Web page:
Despite the devastation of suicide loss, Post Traumatic Growth is possible. Post Traumatic Growth can be explained as experiencing unexpected positive changes as a result of negative events. It suggests the possibility of personal growth within the context of a highly challenging, stressful, and traumatic event. This does not mean that trauma is not also destructive and distressing. No one welcomes adversity. But the research evidence shows us that over time people can find benefits in their struggle with adversity, that appreciable growth can occur within the context of pain and loss.
Positive Psychologist, Miriam Akhtar, uses the metaphor of a broken vase to help us understand this concept. She says,
“When you experience a life-shattering event there are two choices. Glue the fragments back together – life will look the same but it will be more fragile than it was before. Or you can pick up the pieces and make a beautiful mosaic from them. Life is different but in many ways stronger.”
People who experience Post Traumatic Growth find a way of accommodating the tragedy into their mental landscape. They recognise that life won’t ever be the same but they can pick up the pieces and put life back together in a fresh, different form that holds appeal for them.
Researchers have found that many who successfully deal with adversity actually grow in positive ways.
There are five domains where this psychological growth occurs:
- Relating to Others: The desire for greater honesty; the willingness to express my emotions; an increased compassion for those who have experienced trauma; an appreciation of what others can offer in times of distress; and a genuine wish to develop more meaningful relationships.
- New Possibilities: A willingness to change things that need changing; the courage to pursue new interests; the openness to discovering a different path for my life; and the self-assurance to tackle fresh challenges.
- Personal Strength: A renewed confidence that I can handle trouble or difficulties; a knowledge that I can survive; and the ability to accept how things work out.
- Spiritual Change: A better understanding of spiritual matters; a deeper connectedness with God; openness to moments of wonder and awe; and a greater hunger for truth.
- Appreciation of Life: A clearer understanding of what is important to me; a strong conviction that life is to be valued; and a desire to fully appreciate what each day has to offer, to live in the moment.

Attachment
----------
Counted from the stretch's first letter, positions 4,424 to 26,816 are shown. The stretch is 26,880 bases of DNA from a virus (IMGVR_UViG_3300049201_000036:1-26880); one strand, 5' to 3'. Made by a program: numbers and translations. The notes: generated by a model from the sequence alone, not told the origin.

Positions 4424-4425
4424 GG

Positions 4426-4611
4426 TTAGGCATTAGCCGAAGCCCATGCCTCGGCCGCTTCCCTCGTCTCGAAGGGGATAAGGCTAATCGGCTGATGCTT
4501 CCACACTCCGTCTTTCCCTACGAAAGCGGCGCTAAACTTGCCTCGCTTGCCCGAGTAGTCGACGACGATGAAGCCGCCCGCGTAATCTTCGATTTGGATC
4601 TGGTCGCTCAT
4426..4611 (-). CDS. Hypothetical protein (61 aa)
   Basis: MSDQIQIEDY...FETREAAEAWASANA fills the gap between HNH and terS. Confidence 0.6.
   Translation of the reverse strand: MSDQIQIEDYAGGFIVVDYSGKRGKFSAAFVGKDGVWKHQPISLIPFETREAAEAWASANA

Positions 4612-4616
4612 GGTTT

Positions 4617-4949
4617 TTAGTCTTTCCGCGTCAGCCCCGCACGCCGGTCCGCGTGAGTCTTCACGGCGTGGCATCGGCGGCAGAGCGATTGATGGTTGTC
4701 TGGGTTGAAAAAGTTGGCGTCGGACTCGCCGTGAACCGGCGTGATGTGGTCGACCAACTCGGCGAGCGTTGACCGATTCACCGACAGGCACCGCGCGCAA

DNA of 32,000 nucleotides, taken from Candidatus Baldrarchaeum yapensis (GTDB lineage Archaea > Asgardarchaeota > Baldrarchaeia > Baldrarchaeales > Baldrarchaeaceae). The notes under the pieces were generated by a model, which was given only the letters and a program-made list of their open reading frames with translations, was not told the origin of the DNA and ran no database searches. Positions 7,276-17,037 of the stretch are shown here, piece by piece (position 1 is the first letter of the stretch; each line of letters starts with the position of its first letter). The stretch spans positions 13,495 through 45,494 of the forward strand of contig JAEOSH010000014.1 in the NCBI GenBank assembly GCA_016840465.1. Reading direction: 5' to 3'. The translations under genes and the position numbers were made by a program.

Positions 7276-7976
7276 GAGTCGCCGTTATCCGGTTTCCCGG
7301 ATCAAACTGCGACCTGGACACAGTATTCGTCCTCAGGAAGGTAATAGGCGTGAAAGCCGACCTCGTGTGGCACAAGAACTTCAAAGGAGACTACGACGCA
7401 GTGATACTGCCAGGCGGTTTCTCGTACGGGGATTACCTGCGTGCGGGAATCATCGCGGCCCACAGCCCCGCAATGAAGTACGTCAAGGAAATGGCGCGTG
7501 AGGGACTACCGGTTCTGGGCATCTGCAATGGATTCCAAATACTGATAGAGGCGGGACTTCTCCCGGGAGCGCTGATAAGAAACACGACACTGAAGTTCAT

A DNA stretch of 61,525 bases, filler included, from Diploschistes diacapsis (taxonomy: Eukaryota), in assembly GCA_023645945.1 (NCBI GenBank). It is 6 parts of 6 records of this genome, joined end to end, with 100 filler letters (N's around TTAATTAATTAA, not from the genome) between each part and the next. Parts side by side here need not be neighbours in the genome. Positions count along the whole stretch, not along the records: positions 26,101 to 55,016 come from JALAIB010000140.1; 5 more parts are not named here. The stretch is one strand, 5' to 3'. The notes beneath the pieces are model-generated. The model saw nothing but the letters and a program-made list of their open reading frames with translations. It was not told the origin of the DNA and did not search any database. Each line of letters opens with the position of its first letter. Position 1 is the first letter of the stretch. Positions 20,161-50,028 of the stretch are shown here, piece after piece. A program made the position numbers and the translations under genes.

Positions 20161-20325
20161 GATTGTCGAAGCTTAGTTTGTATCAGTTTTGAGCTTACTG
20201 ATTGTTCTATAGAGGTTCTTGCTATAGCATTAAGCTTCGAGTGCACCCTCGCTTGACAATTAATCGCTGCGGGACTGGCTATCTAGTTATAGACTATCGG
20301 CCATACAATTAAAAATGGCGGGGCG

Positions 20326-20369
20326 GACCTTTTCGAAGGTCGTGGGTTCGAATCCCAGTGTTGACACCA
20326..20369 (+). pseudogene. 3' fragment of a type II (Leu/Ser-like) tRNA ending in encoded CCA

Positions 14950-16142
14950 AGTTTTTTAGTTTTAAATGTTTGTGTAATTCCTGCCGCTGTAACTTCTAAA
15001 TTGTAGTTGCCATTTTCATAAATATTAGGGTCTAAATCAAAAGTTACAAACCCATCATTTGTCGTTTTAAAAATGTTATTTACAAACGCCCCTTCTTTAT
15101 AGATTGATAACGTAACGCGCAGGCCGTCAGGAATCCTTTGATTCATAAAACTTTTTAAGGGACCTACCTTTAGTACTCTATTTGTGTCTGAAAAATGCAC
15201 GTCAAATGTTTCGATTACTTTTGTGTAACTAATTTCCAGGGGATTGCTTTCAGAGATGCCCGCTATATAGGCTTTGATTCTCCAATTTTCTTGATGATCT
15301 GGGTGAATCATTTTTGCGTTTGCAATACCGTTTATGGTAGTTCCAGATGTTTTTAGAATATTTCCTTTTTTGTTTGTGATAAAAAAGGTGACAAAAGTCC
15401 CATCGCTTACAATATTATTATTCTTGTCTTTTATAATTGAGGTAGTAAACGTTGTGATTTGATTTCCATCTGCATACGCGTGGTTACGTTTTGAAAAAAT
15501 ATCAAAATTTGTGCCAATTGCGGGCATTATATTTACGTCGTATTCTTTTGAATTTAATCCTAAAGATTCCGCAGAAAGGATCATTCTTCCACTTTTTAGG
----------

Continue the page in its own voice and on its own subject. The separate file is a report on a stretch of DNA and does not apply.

Suicide shatters our assumptions about fairness and justice. It forces us to rethink our understanding of the world. It says to us that we don’t know what the future holds, that life changing events can enter our lives at any time in many different ways.
The idea that adversity and suffering can lead to transformation is not new. Various religious traditions have explored this concept in their writings.
Viktor Frankl, in Man’s Search For Meaning (1946), promoted the idea when he wrote about his experiences in the German concentration camp where he was incarcerated during World War Two. He observed the sense of hopelessness that overwhelmed some of the prisoners but also saw evidence of the potential for growth. He says,
“…even the helpless victim of a hopeless situation, facing a fate he cannot change, may rise above himself, may grow beyond himself, and by so doing change himself…turn a personal tragedy into a triumph.”
The concept of Post Traumatic Growth challenges us to see every tragedy, every hardship, and every painful and distressing event as an opportunity to grow.
I recall the moment I was told my son, Adam, had taken his life. I can still feel the utter sense of horror and brokenness. It seemed I would drown in a flood of tears.
What is amazing is that within a week of his death I had resolved to find ‘a positive’ in this situation. I couldn’t accept that the tragedy of Adam’s death was all darkness, devoid of any light. I couldn’t see the virtue in wallowing in self-pity or self-recrimination. There had to be a way of reclaiming Adam’s dignity, of exploring the context of his hopelessness and despair. Suicide feels like an abject failure but Adam was much more than his violent death. He lived and loved, worked and played, hoped and dreamed, worshipped and witnessed. He was a son, a brother, an uncle, a cousin. He belonged.
I also felt the need to understand suicide and to appreciate the grief process. I wrote about what I was thinking and feeling and made it available to family members. This desire to explore, to navigate the treacherous waters of personal tragedy has led to this website which aims to encourage, to educate, and to empower; to provide us with a hope that will sustain us into the future, a Hope For Tomorrow.